I linked to a message board post I made, and really I can only go so far with an issue that has had books written about it. The win/loss data was not definitive, but it was substantive. If I was presenting a report I would have included other data, for instance from what I recall, of all the selectors (human polls and computer formulas which heavily consider SoS) only one chose a would be #4 BCS seed (two loss USC over undefeated Ohio St.). This was out hundreds of opportunities. This I believe would set aside concern about the Boise States of the world. It doesn't prove everything, but it's hard to argue with how poor the resumes of the #4 "seeds" were when placed next to the champion.

I think you are putting some words in my mouth though. A clear #1 is a long distance from #4. I also specifically said I understand it not being clear between #1 and #2 and #2 and #3. I simply do not see the same confusion when comparing #1 and #4.

I'm not really able to defend conference games in the context of this playoff, especially since it appears that it might be weighted towards conference champions. It doesn't fit in with this process at all, which would be another gripe on my part.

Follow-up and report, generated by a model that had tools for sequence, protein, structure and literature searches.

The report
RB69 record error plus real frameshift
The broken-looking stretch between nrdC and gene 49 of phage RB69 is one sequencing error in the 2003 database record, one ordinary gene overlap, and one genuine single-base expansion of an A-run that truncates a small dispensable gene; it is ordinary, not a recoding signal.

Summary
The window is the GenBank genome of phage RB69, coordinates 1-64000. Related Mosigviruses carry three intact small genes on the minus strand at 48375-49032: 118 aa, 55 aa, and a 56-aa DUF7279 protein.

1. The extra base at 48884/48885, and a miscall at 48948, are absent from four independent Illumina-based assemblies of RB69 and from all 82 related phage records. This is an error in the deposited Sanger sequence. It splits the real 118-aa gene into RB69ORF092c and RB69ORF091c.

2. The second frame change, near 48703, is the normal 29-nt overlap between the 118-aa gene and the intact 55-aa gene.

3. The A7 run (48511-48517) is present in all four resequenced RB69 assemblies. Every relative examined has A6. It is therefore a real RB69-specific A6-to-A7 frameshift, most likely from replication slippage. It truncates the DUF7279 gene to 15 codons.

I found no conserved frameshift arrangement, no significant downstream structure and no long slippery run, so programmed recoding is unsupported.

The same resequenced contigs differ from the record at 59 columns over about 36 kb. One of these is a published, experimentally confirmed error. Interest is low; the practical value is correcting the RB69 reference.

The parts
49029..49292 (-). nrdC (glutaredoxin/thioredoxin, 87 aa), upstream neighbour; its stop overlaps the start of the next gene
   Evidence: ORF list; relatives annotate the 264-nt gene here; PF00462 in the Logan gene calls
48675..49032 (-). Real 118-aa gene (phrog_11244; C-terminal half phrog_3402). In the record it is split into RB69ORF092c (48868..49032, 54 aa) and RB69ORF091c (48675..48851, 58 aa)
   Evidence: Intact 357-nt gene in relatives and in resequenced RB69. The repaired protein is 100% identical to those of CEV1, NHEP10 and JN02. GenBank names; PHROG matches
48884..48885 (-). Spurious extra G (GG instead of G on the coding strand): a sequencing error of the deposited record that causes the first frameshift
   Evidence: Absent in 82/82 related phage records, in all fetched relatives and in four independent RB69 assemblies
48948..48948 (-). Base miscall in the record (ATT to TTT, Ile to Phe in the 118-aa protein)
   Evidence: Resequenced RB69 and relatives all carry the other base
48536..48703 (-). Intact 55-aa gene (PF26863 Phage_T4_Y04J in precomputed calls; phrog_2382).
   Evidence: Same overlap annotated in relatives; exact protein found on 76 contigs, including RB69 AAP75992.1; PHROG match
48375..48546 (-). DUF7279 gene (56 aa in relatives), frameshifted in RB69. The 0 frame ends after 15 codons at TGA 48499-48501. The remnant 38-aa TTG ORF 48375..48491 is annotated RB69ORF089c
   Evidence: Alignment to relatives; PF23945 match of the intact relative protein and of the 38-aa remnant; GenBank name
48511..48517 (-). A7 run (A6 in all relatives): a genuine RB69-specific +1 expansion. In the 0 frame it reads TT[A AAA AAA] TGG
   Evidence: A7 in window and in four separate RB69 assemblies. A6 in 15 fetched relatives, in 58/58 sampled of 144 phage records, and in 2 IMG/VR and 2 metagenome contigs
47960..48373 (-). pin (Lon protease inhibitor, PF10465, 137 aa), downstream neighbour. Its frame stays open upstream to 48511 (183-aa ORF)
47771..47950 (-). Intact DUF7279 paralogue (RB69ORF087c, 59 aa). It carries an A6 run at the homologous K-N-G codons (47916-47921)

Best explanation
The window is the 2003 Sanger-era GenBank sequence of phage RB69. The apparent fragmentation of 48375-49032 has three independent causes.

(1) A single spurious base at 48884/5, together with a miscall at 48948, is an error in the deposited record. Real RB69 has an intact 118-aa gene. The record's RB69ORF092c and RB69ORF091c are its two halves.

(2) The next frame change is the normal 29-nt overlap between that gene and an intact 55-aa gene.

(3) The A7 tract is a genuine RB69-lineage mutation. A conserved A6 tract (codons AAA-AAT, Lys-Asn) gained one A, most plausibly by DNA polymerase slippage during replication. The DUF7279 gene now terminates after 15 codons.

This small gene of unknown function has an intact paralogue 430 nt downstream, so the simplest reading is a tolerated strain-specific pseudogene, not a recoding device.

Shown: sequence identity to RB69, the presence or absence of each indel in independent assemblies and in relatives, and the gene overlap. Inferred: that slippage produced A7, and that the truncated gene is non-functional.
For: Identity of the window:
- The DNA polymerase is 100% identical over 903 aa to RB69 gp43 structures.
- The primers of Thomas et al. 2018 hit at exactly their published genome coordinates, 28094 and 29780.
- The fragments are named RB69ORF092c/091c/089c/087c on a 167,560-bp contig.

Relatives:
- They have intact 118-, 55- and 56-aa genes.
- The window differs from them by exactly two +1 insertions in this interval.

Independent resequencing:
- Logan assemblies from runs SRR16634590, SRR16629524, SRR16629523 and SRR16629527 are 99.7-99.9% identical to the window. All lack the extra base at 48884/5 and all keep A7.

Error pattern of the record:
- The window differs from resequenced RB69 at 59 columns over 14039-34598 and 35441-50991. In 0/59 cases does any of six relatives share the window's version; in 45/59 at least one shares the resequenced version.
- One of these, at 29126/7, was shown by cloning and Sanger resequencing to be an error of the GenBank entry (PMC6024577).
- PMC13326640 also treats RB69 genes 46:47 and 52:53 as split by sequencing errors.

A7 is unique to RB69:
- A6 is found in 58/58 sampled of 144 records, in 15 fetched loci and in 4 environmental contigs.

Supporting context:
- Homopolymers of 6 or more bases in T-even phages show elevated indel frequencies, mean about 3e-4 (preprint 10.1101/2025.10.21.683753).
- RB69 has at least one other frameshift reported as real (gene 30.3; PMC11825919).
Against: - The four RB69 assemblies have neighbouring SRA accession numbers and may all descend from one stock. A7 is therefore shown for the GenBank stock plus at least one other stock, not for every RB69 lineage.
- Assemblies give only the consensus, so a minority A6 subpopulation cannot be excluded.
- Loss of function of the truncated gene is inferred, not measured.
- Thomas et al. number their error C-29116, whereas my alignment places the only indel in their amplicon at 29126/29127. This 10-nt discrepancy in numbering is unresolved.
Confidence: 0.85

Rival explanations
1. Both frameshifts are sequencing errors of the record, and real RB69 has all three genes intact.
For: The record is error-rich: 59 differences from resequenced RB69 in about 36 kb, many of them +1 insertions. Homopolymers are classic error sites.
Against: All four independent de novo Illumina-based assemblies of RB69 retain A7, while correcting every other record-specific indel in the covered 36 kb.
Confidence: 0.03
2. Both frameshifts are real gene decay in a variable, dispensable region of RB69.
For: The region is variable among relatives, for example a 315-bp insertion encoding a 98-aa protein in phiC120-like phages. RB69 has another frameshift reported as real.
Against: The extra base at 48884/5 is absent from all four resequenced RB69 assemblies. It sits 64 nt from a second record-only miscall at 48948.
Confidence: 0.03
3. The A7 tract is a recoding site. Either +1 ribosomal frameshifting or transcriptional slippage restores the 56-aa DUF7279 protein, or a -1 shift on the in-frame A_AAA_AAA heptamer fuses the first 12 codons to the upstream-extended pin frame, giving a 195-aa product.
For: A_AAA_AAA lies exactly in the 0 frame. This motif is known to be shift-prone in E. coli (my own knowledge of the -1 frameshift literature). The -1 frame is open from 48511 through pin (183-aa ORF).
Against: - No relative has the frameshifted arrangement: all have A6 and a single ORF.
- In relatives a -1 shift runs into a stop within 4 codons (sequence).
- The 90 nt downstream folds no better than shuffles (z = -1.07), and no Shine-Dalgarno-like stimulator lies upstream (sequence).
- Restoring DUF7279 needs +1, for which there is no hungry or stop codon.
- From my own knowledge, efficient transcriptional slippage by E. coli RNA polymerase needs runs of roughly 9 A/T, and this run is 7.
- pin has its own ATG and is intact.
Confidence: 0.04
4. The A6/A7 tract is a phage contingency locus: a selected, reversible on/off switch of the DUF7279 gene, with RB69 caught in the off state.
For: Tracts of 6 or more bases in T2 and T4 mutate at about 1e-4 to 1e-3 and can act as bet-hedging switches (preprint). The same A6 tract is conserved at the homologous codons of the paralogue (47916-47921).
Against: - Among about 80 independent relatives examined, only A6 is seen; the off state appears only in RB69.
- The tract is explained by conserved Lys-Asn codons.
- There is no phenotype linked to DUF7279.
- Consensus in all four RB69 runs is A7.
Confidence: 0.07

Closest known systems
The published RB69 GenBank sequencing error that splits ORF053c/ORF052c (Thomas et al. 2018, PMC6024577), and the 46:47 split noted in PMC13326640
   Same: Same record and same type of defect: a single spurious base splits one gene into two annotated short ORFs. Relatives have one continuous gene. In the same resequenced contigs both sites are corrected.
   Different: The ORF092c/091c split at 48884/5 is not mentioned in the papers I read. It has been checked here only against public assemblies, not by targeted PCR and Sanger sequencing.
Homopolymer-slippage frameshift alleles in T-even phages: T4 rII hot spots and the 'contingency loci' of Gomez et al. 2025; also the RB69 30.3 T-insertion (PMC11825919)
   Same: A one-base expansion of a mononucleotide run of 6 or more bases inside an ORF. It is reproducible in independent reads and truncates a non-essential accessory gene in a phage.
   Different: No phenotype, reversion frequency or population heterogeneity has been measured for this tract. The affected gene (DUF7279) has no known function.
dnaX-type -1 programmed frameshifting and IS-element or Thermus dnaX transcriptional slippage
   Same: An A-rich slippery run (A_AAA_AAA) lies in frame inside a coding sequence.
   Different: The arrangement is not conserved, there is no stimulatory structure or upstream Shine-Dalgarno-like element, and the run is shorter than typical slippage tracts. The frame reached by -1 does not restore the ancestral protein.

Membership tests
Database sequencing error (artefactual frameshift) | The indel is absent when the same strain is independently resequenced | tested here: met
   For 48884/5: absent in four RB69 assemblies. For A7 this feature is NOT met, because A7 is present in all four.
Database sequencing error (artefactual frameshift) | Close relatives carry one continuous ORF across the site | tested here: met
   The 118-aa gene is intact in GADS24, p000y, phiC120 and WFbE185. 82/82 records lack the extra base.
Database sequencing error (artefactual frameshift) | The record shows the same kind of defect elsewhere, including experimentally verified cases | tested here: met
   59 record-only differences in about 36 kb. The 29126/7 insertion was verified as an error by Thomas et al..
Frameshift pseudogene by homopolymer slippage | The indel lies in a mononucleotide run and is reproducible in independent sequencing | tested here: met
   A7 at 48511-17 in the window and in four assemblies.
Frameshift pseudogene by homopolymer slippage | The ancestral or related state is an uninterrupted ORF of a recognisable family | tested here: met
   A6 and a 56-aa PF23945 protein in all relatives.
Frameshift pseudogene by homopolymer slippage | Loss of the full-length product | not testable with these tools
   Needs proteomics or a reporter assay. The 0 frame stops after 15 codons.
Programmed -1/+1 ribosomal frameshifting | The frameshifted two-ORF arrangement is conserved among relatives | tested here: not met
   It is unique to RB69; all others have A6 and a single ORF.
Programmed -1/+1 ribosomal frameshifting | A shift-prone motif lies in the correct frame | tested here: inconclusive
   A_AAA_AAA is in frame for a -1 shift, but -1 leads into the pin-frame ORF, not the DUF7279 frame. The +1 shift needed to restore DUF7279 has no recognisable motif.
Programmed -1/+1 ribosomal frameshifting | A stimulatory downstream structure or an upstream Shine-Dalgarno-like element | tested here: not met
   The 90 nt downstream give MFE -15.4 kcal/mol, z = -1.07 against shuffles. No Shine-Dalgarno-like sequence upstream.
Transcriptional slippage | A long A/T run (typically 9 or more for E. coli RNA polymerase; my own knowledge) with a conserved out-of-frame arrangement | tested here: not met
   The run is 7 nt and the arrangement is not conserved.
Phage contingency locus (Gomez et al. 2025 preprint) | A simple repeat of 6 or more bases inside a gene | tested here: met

I think LSU was clearly the best team in the county last year, during the regular season. I think Alabama deserved their chance not based on how they performed, but because the process elevated them to that game. My problem is with elevating a #4 to a place they clearly do not belong. As with all playoffs, there will be flukes and we are inviting them in with each round we add. Clearly, simply winning a game does not make one particular team better. Ask LSU...

What I wrote and linked to was not all directly in relation to this new four team playoff. It provided context, but the point I was trying to make is that a larger playoff does not automatically insure better results. I didn't start discussing this when this playoff took shape, and I won't stop discussing this because it has. But, the BCS was ultimately destroyed because they got it right. I think that is reason enough to complain.